Source: JENNY KEOWN via Stuff
The New Zealand Institute of Chartered Accountants has released a ”radical” paper on how to tax small businesses that potentially takes business away from accountants.
Launching the plan in Auckland today, NZICA chief executive Terry McLaughlin said the changes were in the public interest because they were simplified and offered more opportunity for small business owners to file their own returns.
”I have a statutory obligation to act in the public interest and that differentiates us from other bodies,” he said.
”Now and again you have to make some bold calls and influence the policy agenda. We are very aware that the proposal cuts across established income tax accounting, but we believe this is necessary in order to deliver simplicity to small business owners.”
It’s proposing a ”rule of one” for small business; one return and one payment each month
for income tax and GST compliance.
Currently, businesses regardless of size have all the same complex compliance issues as to how they pay GST and tax.
This often means some micro business can’t be bothered filling in forms and don’t bother to pay tax on income.
Under the proposed tax rules, a business can pay a flat income tax, which covers ACC liabilities, and other obligations.
The proposed plan would differentiate business with no employees, a turnover of less than $60,000, and unregistered for GST. They would pay a tax rate of 14 per cent if they are not traders and 7 per cent if they trade in goods.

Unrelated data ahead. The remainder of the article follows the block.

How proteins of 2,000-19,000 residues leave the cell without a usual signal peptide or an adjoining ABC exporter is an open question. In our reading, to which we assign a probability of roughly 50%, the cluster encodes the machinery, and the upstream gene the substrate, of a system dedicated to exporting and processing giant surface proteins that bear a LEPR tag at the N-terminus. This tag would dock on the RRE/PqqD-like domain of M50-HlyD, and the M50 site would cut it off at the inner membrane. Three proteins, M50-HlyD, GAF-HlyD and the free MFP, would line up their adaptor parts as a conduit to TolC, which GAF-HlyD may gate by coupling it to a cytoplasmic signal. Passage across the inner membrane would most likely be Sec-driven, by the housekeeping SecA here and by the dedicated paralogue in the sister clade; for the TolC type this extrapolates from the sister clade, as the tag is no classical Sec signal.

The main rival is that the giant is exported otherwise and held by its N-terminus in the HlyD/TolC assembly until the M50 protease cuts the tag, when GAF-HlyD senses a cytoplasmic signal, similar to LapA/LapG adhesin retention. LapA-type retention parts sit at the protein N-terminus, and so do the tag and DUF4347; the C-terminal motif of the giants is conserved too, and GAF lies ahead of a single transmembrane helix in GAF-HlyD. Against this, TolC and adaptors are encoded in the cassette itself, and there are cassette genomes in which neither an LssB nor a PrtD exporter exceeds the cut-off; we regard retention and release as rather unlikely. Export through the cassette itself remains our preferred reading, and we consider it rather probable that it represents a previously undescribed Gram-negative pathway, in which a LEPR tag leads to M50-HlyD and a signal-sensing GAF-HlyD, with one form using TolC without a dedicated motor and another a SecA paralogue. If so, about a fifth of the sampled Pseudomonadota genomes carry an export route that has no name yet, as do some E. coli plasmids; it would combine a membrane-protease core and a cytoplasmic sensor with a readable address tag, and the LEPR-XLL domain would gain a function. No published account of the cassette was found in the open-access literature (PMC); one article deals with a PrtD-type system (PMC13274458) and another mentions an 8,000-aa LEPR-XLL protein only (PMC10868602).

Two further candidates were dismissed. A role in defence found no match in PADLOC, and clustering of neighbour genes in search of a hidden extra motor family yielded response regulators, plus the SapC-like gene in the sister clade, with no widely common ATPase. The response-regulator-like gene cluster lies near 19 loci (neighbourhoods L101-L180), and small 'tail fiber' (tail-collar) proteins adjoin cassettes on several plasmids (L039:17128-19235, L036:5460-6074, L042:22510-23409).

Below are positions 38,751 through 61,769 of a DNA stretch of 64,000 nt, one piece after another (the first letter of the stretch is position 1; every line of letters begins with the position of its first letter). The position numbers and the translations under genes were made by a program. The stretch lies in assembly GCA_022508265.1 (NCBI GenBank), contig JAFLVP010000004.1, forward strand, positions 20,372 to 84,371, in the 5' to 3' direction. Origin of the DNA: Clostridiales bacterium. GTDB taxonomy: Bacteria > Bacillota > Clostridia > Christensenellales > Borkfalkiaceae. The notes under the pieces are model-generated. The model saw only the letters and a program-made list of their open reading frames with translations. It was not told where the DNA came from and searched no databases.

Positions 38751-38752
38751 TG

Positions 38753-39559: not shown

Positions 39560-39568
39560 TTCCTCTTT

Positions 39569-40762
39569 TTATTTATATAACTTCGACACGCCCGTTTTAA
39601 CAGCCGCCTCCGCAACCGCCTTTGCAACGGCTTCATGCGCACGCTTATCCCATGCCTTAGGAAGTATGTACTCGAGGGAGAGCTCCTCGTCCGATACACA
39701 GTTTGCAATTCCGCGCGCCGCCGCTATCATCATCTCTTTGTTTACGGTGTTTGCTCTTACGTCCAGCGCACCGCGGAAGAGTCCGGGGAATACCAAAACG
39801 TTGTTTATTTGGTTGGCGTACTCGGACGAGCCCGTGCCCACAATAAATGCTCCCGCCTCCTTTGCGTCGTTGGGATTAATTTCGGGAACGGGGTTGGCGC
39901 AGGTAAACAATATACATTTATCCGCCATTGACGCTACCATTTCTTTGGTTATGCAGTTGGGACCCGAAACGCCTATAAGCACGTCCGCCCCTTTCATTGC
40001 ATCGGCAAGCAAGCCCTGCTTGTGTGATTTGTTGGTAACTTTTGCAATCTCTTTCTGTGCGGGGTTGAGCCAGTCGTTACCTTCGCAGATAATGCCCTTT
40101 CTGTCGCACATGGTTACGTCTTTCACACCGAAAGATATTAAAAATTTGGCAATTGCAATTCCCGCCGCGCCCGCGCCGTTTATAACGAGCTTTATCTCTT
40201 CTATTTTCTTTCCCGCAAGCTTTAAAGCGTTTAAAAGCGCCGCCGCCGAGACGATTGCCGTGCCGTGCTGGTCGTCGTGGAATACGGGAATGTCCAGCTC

What NZICA calls the ”centrepiece” of its proposal is a system based on GST for small businesses with turnover less than $600,000.
Income tax will be calculated on a cash basis on the GST return and will be essentially a final tax. Income tax and GST will be calculated and paid twice monthly.
The Institute began consulting with small business groups, and tax policy officials in October 2009, sparked by members complaints about the complexity of the current system.
On the question of how this affects accountants, McLaughlin said it looked at ways to preserve the value of chartered accountants and came up with a ”health check” system; which essentially means a business will be periodically reviewed by a chartered accountant.
McLaughlin concedes that its proposal wasn’t popular among some of its members, but said many saw this as an opportunity to be freed up to offer better value for money advice on business strategy, sales plan or other business costings.
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